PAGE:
Science. Technology. Engineering. Math. These are the tools that will be used to build the future. The conversation, of late, has turned to “Who is going to wield these tools?” As manufacturing returns to North America, there’s a concern over the skills gap that exists—in many cases there are more jobs than there are qualified people to fill those jobs. The challenge is getting the next generation interested in pursuing careers in these fields.

The problem for kids is that science, technology, engineering and math can sound intimidating, or even boring. Those of us in the field know otherwise. These are the tools we use to create. And that’s the key. Watch any small child, and you’ll see them create. Whether they’re drawing their own wonderful new animal with crayons, building a castle to knock down with blocks, or explaining to you the rules of their surprisingly complex game, children love to create, and it’s our responsibility to show them how to keep that creativity going.

Enter Minecraft, a computer game. What is Minecraft? Imagine that everything that exists, from ores to animals, was made of blocks, and that you could use those blocks to create a building, or a town, or a city, or an entire world. For a quick illustration of what Minecraft is, do an internet search for images. You’ll find some pretty incredible things.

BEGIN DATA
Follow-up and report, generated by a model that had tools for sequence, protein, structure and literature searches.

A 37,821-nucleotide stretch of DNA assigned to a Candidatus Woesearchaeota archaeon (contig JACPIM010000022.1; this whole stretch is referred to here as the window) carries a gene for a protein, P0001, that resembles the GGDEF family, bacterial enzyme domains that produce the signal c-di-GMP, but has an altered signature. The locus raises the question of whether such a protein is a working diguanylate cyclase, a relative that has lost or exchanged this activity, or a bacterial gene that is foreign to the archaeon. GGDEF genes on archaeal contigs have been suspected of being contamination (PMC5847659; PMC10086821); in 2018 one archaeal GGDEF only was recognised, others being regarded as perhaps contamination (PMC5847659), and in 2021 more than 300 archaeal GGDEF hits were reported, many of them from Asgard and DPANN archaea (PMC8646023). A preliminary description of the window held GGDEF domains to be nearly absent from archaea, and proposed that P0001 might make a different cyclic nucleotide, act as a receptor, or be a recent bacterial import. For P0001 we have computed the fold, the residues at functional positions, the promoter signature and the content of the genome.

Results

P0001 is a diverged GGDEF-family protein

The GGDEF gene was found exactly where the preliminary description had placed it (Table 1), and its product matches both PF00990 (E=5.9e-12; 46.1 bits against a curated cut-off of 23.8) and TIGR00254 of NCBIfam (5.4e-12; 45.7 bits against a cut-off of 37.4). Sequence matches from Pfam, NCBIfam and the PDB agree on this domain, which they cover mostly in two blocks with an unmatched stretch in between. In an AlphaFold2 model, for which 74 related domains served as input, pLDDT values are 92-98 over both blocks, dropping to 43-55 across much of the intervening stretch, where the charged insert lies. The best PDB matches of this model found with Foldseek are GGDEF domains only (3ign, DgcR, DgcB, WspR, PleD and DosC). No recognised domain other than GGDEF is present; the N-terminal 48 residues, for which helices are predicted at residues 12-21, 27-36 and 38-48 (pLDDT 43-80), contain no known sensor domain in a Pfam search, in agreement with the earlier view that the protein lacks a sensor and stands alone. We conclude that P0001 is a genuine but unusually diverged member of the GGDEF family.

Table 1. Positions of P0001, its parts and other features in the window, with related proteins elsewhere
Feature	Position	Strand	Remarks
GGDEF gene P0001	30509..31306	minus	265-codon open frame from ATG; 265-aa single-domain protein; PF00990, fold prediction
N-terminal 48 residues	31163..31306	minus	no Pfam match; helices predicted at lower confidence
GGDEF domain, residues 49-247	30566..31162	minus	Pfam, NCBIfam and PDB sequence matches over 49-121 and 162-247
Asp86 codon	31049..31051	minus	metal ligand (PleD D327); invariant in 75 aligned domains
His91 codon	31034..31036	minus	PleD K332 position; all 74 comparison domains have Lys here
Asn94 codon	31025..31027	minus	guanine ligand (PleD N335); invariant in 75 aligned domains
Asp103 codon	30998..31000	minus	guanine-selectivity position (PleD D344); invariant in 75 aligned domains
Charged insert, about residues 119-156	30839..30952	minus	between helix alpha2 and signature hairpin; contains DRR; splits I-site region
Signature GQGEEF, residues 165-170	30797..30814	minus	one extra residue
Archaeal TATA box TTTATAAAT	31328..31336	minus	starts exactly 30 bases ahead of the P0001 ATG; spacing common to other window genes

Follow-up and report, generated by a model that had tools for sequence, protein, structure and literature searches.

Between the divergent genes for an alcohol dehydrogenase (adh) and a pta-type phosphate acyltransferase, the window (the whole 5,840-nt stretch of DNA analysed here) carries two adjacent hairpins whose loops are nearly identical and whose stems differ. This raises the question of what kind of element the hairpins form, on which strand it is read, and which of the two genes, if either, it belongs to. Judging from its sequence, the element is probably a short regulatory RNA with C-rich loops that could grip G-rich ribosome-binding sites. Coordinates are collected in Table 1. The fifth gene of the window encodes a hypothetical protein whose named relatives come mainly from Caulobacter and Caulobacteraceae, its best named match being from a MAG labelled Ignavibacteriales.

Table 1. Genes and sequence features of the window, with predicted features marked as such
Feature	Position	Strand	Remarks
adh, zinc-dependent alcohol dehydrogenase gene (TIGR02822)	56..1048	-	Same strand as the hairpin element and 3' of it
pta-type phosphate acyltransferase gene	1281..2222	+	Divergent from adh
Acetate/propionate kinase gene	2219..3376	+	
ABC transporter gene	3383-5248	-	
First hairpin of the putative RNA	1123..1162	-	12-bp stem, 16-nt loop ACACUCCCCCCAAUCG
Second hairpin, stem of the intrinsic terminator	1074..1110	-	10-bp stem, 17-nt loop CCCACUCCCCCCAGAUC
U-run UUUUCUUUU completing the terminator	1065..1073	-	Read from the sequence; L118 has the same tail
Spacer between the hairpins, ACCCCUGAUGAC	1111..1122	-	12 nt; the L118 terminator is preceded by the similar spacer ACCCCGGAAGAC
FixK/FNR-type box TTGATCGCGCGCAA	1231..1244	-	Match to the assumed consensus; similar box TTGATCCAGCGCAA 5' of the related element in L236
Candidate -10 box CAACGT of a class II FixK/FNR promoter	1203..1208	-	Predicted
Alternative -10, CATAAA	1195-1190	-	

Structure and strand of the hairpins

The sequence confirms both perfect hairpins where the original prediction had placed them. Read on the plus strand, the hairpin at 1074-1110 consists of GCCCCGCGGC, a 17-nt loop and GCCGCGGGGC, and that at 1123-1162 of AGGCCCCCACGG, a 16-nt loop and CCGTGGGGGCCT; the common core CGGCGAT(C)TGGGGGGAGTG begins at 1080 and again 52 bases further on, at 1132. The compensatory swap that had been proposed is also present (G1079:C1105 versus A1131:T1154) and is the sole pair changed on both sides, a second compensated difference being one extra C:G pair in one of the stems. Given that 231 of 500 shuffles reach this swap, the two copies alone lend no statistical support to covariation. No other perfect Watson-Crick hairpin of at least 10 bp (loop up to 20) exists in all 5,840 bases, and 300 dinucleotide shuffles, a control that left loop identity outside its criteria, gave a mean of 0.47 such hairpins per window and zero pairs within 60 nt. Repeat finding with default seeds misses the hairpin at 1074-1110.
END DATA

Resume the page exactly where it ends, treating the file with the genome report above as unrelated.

Minecraft is one of the few games that teaches skills that translate to the real world. There’s a true sense of learning where things come from, and how they’re used to create other things. You can explode a rock in order to dig. Keep digging, and you’ll make your way to minerals like iron. From there, you can take that iron to a furnace, and use that furnace to create metal axes and shovels. You can use these to chop down trees or dig soil. Kids can also make tools out of stone, but if they make them out of iron they’ll see that the iron tools last longer and work more efficiently.

And then there are the things you can create. People have constructed elaborate mazes, towering skyscrapers, ornate temples, underground cities and much, much more. For some evidence of the effectiveness of the Minecraft tools, look up the Block by Block project, a collaboration with UN Habitat that allows young people all over the world to modify their own neighborhoods and create the changes they would like to see.

Here at Harvan, we’ve seen our children collaborate with their friends to make bigger, better and more complex structures. And that’s what we need—collaboration, creativity and brand new ideas. There are a lot of things we need to fix in the world. We’re going to need some smart kids to do that. Our responsibility in promoting STEM is not to try and get kids interested in things they don’t like, but rather to show them how to continue the creativity that’s driven them since they were toddlers.

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